The problem with selling ATM puts is the "whip-saw." One must move away from the thought that the market will be "steadily" anything and accept that it will zig-zag up or down. So, 36% of the time the hoped-for extrinsic gains will be reduced. Over half those times it will not only be reduced, but completely wiped out and thrown into losses.
This raises a dilemma - if in a bull scenario, the investor loses substantial extrinsic value and extrinsic value is all they have to gain, what does one do? The answer to this dilemma is to Hold The Strike. What this means is that if there is a drop, do not chase the drop by selling the next put ATM at the lower price. Sell the put ITM at the previous strike and hold it there - as long as necessary - until the strike is recovered. You'll earn a little less extrinsic but avoid the "whip-saw."
So, if SPY is at $290 when you sell the first ATM strike and it falls to $$288, do not roll the put ATM at a $288 strike but hold it at $290 strike. Most importantly, keep holding that strike until SPY recovers and then go back to ATM until such time as it drops, again. It may recover in a week, a month or a few years. But just keep at it.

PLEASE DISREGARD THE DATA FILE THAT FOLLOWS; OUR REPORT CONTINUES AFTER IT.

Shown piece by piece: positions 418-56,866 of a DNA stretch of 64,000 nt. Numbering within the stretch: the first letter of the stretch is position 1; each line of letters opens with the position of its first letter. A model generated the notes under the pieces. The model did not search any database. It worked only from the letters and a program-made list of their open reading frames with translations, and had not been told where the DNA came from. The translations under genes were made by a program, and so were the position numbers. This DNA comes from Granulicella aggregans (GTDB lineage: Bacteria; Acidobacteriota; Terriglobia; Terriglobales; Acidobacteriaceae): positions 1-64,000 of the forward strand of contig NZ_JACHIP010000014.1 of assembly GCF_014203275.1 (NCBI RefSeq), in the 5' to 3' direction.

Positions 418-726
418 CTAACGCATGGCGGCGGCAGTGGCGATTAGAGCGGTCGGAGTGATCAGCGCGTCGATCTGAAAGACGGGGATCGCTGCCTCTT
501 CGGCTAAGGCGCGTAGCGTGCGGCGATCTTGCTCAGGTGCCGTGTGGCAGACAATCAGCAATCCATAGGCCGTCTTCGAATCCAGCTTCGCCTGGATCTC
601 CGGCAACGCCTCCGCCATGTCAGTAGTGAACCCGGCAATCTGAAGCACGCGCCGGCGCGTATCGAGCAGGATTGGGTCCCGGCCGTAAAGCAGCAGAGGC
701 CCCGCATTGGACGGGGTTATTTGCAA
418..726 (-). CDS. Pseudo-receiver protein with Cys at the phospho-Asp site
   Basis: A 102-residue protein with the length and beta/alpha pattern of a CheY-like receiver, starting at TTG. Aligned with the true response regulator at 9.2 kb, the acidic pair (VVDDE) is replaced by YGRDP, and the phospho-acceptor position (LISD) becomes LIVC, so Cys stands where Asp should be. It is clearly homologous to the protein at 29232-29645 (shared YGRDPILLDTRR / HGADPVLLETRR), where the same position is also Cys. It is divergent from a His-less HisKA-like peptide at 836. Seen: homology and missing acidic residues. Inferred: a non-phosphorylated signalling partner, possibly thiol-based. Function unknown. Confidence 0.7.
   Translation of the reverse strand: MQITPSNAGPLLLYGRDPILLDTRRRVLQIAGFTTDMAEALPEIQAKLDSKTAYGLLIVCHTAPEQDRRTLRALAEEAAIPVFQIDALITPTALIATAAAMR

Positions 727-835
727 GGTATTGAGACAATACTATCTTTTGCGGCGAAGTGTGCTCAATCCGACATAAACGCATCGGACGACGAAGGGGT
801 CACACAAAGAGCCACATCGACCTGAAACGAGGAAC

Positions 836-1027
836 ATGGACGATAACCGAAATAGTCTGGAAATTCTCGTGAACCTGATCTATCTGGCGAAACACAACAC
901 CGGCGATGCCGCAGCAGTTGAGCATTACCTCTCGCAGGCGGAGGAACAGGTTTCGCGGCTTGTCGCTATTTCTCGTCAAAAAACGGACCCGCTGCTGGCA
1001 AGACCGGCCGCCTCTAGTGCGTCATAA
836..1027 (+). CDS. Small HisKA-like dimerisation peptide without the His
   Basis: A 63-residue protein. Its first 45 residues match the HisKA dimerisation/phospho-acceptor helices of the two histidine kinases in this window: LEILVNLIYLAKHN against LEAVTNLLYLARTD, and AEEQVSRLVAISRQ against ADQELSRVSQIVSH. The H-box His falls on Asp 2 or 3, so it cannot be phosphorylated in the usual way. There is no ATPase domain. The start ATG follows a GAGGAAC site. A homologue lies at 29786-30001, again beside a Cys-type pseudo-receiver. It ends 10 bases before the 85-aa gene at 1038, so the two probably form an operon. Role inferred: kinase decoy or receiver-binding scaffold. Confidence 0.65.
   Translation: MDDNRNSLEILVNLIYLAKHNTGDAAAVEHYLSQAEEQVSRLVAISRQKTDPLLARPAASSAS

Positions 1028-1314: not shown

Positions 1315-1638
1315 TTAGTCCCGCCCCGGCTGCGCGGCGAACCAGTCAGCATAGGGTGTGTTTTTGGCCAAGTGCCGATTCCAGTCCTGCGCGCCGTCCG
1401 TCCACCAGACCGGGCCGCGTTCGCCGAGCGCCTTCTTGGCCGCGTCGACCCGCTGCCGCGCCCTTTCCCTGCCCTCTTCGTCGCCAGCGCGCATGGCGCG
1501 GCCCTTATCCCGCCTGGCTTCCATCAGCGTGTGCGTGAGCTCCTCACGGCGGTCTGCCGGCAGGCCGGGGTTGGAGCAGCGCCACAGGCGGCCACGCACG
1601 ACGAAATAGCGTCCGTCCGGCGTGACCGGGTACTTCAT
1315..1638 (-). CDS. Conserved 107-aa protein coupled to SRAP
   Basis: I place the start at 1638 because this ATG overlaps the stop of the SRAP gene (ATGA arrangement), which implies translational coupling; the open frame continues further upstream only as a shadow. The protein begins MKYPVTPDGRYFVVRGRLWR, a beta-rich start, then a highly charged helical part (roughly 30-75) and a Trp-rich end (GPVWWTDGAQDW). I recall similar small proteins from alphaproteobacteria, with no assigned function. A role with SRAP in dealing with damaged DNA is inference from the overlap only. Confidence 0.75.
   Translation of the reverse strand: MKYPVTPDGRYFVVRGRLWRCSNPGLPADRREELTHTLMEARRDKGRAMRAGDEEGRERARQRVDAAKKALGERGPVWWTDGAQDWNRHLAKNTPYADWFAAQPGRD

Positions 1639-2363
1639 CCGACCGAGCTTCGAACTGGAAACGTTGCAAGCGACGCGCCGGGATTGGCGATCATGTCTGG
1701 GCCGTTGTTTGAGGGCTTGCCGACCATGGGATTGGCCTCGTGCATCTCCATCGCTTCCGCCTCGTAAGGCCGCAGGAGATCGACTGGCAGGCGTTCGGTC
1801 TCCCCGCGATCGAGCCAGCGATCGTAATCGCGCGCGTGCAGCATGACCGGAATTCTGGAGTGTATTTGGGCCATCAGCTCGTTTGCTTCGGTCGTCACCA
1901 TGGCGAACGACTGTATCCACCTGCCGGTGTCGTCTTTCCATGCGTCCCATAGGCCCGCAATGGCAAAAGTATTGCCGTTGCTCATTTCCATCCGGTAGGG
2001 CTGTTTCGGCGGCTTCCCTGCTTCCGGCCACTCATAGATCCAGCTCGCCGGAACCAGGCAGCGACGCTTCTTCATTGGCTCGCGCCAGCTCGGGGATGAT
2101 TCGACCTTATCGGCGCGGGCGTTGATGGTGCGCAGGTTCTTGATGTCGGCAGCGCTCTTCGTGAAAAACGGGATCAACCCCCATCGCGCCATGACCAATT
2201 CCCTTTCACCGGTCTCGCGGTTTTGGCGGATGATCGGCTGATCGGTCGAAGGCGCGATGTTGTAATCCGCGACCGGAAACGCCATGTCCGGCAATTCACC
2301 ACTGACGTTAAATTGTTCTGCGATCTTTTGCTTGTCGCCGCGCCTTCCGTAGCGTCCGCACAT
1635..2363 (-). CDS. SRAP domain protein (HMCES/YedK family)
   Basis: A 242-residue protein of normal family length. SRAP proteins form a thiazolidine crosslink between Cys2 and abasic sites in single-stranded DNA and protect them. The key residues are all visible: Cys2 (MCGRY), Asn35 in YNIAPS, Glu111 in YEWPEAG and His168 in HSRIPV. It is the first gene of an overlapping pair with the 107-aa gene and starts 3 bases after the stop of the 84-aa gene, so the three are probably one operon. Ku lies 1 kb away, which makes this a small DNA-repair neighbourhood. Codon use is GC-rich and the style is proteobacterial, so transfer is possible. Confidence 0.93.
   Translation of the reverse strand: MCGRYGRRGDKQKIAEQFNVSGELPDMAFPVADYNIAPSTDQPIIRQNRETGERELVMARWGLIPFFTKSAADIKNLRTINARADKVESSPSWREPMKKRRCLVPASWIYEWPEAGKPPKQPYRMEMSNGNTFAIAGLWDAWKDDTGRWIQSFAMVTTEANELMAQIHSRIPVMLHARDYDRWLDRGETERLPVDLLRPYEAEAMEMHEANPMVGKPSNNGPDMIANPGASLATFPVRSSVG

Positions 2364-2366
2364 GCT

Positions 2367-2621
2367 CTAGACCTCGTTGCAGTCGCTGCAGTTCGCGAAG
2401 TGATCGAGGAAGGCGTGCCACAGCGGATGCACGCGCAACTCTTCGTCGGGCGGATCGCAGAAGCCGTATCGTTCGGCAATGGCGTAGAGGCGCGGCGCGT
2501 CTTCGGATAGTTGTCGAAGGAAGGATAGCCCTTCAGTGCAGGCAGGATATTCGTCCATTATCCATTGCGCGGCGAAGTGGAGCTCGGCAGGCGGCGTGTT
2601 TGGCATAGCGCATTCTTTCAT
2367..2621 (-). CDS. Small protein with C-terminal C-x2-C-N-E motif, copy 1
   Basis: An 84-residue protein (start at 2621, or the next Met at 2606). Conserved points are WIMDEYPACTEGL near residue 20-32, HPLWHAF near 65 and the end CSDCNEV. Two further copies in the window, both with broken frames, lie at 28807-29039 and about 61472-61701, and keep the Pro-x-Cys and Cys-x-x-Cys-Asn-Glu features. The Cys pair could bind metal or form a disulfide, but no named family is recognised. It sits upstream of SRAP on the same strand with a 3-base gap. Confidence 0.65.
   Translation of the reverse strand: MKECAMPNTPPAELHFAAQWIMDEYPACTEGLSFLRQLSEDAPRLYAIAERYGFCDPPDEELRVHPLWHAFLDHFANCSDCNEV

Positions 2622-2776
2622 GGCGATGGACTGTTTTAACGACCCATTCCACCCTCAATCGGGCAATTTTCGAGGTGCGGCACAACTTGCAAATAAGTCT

What this does is recover any loss of extrinsic value that occurs on a drop when the inevitable bounce occurs.
Here's a chart that shows the results of a "hold the strike" put-write strategy, employed weekly over the last four years.
Wow! Let's make sure we read this right:
1) The S&P ended up $947 to $2,915 a 50% gain
2) ATM (such as PUTW) ended with just a gain of $440 - up 22%
3) Hold the strike gained $1,568 - up almost 80%
Now I certainly realize that this must be astonishing to many readers. It's impossible to put all the numbers in plain sight or share the algorithms. So, instead, let me give you some simple resultant math.